The Metro Manila Development Authority (MMDA) has conducted a dry-run for the implementation of a dedicated lane for motorcycle riders along Commonwealth Avenue in Quezon City.
The aim is to familiarize the riders with the exclusive lane at the third lane from the sidewalk of that long stretch.
The measure could help reduce the number of fatal road crashes involving motorcycles and improve the traffic flow on what used to be known as the ‘killer road” in Metro Manila.
In the dry-run thaw as supposed to have ended on March 20, violators were stopped for reminders but no ticket violations were issued.
After the dry run, riders who violate will be fined P500.
Under MMDA Resolution 22-15, the right outermost lane of Commonwealth Avenue shall be designated as an exclusive bicycle lane.
The second lane and third lane of the same avenue will be designated as exclusive Public Utility Vehicles (for jeeps, UV Express, buses) and motorcycle lanes, respectively.
The remaining lanes of Commonwealth Avenue shall be utilized by all other motor vehicles.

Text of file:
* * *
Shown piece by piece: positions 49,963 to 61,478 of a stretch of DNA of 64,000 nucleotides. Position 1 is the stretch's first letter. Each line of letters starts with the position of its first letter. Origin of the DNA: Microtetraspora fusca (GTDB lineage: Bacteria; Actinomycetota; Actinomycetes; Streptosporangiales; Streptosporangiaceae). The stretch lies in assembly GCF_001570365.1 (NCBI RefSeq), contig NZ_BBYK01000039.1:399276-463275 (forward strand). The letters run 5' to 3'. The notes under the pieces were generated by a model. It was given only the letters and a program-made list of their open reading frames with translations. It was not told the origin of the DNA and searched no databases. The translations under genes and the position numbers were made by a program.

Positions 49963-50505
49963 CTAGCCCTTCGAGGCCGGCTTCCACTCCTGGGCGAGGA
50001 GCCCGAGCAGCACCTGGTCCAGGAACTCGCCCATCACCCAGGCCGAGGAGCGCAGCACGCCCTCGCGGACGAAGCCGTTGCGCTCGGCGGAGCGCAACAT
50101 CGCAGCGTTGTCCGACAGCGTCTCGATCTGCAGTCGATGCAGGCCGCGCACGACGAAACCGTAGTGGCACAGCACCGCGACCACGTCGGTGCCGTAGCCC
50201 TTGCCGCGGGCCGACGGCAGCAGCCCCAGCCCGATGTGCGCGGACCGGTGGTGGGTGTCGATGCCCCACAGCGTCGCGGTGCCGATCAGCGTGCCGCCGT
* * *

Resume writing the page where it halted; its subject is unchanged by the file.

Riders groups appreciated the measure as a good start for riders to have exclusive lanes.
Some photos however have shown some four-wheel vehicles making incursions into the riders’ exclusive lane.
The MMDA should also include penalties for four-wheel drivers that intrude on the riders’ lanes.
In Japan and China, and probably in other parts of the world, two and three-wheel vehicles of all kinds (electric or gas) are allotted to share some portion of the pedestrian lanes.
In a country where there are fewer and fewer roads to be shared, the Philippines allotted a small piece for bicycle riders on inner roads.
This was especially done at the height of the COVID-19 pandemic when public commute was not permitted.
As the situation slowly goes back to normal, the special bike lane remains but bike users are slowly decreasing in numbers.
It should be a smart decision to allow that lane for motorcycle and bike riders to share.
An exclusive lane where four-wheel should not be allowed, except in designated stop signs for public utility vehicles.
Stakeholders in the transport sector should not stop finding ways to protect all road users—and not just put the blame on the small numbers of “kamote” riders.